YK:n turvallisuusneuvoston avoin keskustelu: Ilmastonmuutoksen vaikutus: pysyvän edustajan sijaisen Janne Taalaksen pitämä puhe New Yorkissa 20.7.2011
Finland subscribes to the EU statement. I would like to make few additional points from our national perspective.
Finland welcomes this debate. In the light of this debate, exchanges in many other fora and UN Secretary-General’s report from 2009, it is clear that climate change will have significant security implications.
The themes highlighted in the concept note and this debate – sea-level rise and food security – are directly linked to international peace and security.
Only 20 years ago it did not seem imaginable that small island nations could be submerged due to sea-level rise. It sounded like science fiction. Today, this prospect is all too real.
Climate change will have an adverse effect on food production and freshwater resources. This impact will be worse in areas already under environmental stress. This may lead to population movements and political unrest.
While the impact of climate change varies from region to region, the small island developing states are most at risk. They are not the cause of climate change, but they may very well become its first victims unless remedial action is taken. They must be our priority.
Finland is actively partnering with many small island developing states in building their capacity to act internationally and to adapt locally. As an example, Finland supports the capacity development of AOSIS and Pacific SIDS and has meteorological cooperation projects in the Pacific and Caribbean regions.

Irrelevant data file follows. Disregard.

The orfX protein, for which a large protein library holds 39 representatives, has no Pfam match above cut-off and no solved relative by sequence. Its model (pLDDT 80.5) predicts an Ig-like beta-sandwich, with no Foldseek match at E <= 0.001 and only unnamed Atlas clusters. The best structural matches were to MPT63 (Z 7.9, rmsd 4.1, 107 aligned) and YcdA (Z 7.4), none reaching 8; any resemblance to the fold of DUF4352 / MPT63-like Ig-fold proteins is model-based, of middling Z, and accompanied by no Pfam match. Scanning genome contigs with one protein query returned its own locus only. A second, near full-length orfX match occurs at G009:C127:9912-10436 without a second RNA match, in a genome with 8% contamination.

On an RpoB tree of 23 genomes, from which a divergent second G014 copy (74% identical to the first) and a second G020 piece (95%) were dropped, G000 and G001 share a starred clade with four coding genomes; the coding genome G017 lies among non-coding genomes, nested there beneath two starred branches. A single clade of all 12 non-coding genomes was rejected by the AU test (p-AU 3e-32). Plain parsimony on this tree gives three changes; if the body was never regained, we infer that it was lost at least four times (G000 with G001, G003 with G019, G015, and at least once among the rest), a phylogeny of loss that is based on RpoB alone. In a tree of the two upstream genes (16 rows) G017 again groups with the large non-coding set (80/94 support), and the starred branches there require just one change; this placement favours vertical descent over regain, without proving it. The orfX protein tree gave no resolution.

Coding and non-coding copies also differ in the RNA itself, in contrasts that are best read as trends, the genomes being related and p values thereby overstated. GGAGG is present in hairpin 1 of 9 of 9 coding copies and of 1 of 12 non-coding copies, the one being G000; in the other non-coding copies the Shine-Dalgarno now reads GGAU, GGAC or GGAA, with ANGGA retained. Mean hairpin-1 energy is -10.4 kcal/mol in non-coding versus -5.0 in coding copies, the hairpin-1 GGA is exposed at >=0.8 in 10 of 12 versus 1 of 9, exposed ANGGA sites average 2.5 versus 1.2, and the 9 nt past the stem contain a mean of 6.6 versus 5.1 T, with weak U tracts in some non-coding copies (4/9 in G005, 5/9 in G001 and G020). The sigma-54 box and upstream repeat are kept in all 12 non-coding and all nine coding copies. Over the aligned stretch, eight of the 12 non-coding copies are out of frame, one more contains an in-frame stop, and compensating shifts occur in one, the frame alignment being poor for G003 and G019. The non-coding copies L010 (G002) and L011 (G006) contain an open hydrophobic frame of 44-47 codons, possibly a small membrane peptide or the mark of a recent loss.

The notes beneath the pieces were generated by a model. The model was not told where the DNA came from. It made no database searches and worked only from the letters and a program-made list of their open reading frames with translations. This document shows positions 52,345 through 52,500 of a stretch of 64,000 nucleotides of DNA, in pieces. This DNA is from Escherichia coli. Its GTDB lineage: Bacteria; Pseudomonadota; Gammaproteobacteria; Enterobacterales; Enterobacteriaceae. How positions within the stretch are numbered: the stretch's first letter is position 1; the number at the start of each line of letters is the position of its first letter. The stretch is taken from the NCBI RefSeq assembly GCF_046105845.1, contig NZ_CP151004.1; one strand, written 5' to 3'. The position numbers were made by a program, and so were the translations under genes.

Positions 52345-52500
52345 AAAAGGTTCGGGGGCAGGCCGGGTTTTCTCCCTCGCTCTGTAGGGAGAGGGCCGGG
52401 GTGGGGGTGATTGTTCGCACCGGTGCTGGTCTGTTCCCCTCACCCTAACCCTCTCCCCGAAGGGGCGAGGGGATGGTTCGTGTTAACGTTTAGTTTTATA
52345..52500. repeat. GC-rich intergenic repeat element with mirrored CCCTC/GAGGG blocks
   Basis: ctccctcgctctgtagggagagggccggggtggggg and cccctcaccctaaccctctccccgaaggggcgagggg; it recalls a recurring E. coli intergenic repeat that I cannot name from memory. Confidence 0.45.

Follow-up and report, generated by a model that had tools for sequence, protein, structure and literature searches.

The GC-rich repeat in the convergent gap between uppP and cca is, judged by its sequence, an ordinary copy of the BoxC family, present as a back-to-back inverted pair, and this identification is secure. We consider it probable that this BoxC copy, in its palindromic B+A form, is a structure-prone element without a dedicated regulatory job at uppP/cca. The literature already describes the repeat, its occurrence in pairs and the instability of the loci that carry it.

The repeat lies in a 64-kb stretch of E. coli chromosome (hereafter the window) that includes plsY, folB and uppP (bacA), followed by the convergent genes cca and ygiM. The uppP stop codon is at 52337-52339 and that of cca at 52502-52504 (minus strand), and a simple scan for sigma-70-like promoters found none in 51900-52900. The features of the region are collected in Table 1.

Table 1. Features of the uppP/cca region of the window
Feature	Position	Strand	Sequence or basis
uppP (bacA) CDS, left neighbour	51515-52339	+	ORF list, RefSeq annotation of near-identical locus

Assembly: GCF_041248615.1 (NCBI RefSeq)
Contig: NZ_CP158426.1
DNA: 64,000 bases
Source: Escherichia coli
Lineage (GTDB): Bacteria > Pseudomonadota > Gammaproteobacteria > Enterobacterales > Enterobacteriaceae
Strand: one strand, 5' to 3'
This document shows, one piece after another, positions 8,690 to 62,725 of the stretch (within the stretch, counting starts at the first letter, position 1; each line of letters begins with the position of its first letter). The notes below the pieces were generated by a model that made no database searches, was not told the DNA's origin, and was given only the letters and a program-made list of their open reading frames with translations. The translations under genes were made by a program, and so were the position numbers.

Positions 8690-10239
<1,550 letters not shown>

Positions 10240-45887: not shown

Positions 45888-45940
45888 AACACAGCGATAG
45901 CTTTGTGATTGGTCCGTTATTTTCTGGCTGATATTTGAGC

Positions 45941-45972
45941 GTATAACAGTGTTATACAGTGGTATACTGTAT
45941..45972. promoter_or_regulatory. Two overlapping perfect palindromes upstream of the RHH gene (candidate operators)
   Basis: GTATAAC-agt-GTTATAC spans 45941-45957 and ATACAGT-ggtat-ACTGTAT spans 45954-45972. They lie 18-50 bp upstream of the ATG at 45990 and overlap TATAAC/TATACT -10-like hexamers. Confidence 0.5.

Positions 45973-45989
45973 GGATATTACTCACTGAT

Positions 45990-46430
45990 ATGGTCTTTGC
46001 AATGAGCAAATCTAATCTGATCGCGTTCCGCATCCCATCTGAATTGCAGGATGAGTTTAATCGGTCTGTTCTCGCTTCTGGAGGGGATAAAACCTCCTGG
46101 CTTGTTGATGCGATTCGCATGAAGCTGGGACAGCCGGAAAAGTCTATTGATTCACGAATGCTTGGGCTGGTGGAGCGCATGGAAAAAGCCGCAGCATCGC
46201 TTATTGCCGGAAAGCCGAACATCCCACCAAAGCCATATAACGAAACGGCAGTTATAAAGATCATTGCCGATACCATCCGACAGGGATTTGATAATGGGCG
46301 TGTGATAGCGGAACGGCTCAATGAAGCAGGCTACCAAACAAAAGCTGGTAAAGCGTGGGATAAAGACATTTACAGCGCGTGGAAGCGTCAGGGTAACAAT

Local level action and ownership is crucial to slow down climate change and mitigate its effects. Women have a key role as they often are the most powerful agents for change. That is why Finland has for years supported Global Gender and Climate Alliance and the participation of women delegates to the climate change negotiations.
Finland welcomes the discussion on climate change within the United Nations and sees that UN Security Council and other UN organs can – and should – contribute to this within their respective competencies.
The Security Council should, given its pre-eminent role in maintaining international peace and security, keep an eye on emerging security implications of climate change. If elected to the Security Council next year, Finland will contribute actively to any such assessment and action.
Thank you, Mr. President.